Prehospital Endotracheal Intubation for Trauma Does Not Improve Survival over Bag-Valve-Mask Ventilation


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Abstract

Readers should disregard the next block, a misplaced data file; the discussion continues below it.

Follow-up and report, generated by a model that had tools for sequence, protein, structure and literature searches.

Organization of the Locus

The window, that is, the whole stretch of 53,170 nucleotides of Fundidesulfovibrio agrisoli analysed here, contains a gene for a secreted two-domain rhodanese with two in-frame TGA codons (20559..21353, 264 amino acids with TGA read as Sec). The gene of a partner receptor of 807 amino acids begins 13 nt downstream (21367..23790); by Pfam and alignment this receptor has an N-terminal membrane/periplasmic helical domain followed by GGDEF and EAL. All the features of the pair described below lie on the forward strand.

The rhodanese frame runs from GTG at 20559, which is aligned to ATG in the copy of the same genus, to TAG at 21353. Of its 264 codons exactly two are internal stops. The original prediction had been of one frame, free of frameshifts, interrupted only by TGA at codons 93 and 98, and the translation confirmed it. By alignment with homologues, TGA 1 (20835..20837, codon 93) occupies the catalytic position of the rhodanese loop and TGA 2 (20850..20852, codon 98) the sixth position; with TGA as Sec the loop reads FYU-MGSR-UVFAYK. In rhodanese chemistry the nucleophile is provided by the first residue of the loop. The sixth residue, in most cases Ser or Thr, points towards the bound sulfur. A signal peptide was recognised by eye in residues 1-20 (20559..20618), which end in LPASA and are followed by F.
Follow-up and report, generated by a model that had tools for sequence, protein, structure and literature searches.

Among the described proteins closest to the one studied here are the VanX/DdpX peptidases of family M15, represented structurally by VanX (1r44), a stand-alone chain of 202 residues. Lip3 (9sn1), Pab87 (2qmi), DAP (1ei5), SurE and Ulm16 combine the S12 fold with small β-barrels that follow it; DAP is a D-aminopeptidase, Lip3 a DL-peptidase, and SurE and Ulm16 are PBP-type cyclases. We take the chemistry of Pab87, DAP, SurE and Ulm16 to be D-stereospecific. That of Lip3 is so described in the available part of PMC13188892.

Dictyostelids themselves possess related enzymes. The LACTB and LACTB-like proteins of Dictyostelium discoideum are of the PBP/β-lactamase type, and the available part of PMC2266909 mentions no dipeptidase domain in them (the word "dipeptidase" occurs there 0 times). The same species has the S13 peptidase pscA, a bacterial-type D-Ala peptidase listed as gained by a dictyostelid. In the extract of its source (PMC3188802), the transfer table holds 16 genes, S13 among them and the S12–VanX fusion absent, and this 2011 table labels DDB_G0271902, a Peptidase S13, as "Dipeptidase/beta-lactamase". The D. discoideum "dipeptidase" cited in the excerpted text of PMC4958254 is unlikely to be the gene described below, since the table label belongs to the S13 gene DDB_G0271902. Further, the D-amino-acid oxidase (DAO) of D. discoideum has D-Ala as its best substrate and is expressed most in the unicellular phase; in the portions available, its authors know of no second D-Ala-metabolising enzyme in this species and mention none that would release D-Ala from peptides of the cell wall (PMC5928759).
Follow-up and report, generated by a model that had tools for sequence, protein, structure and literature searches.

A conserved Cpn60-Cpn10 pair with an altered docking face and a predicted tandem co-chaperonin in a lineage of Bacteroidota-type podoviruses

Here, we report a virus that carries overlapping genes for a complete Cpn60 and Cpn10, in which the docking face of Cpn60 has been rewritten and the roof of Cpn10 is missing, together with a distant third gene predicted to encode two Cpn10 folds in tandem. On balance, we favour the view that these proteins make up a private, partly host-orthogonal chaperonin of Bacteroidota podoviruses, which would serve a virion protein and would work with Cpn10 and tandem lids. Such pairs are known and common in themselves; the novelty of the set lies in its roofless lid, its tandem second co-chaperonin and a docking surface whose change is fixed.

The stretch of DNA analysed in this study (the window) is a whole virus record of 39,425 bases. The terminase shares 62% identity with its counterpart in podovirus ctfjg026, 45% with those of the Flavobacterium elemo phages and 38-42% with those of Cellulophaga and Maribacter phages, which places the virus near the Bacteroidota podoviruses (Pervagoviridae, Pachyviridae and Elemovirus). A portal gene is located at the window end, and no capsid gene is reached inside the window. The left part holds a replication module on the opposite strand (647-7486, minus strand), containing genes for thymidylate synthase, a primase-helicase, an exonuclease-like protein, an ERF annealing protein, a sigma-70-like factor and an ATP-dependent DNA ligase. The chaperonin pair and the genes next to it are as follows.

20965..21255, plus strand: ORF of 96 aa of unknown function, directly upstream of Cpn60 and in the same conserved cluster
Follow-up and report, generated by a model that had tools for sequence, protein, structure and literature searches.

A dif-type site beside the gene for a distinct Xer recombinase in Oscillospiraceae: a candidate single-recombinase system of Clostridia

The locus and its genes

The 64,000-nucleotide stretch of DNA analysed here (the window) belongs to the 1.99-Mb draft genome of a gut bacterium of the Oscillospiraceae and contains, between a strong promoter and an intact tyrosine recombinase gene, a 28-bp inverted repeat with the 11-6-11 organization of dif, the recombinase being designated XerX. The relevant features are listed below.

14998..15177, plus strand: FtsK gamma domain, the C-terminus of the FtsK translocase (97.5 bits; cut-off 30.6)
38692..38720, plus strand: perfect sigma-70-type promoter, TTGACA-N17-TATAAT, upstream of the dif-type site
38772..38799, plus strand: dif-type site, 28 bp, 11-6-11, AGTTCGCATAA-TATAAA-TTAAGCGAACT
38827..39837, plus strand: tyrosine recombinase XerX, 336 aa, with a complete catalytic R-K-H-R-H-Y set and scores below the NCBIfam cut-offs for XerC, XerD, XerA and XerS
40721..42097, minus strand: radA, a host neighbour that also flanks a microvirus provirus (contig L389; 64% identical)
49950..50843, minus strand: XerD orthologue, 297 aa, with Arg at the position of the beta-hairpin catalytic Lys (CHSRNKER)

BackgroundFew data exist supporting a survival benefit to prehospital endotracheal intubation (ETI) over bag-valve-mask ventilation (BVM) in trauma patients.MethodsData were reviewed from all trauma patients transported to our Level I trauma center receiving prehospital ETI or BVM. Mortality was adjusted by age, Revised Trauma Score, Injury Severity Score, and mechanism of injury (penetrating vs. blunt).ResultsOf 5,773 patients, 316 (5.5%) had ETI and 217 (3.8%) had BVM. Patients receiving ETI were significantly more like to die (88.9% vs. 30.9%, p < 0.0001). When corrected for Injury Severity Score, Revised Trauma Score, and mechanism of injury, ETI was associated with similar or greater mortality than BVM. ETI patients had longer prehospital times (22.0 vs. 20.1 minutes, p = 0.0241).ConclusionIn our trauma system, when corrected for mechanism and severity of anatomic and physiologic injury, ETI confers no survival advantage over BVM and slightly increases prehospital time.

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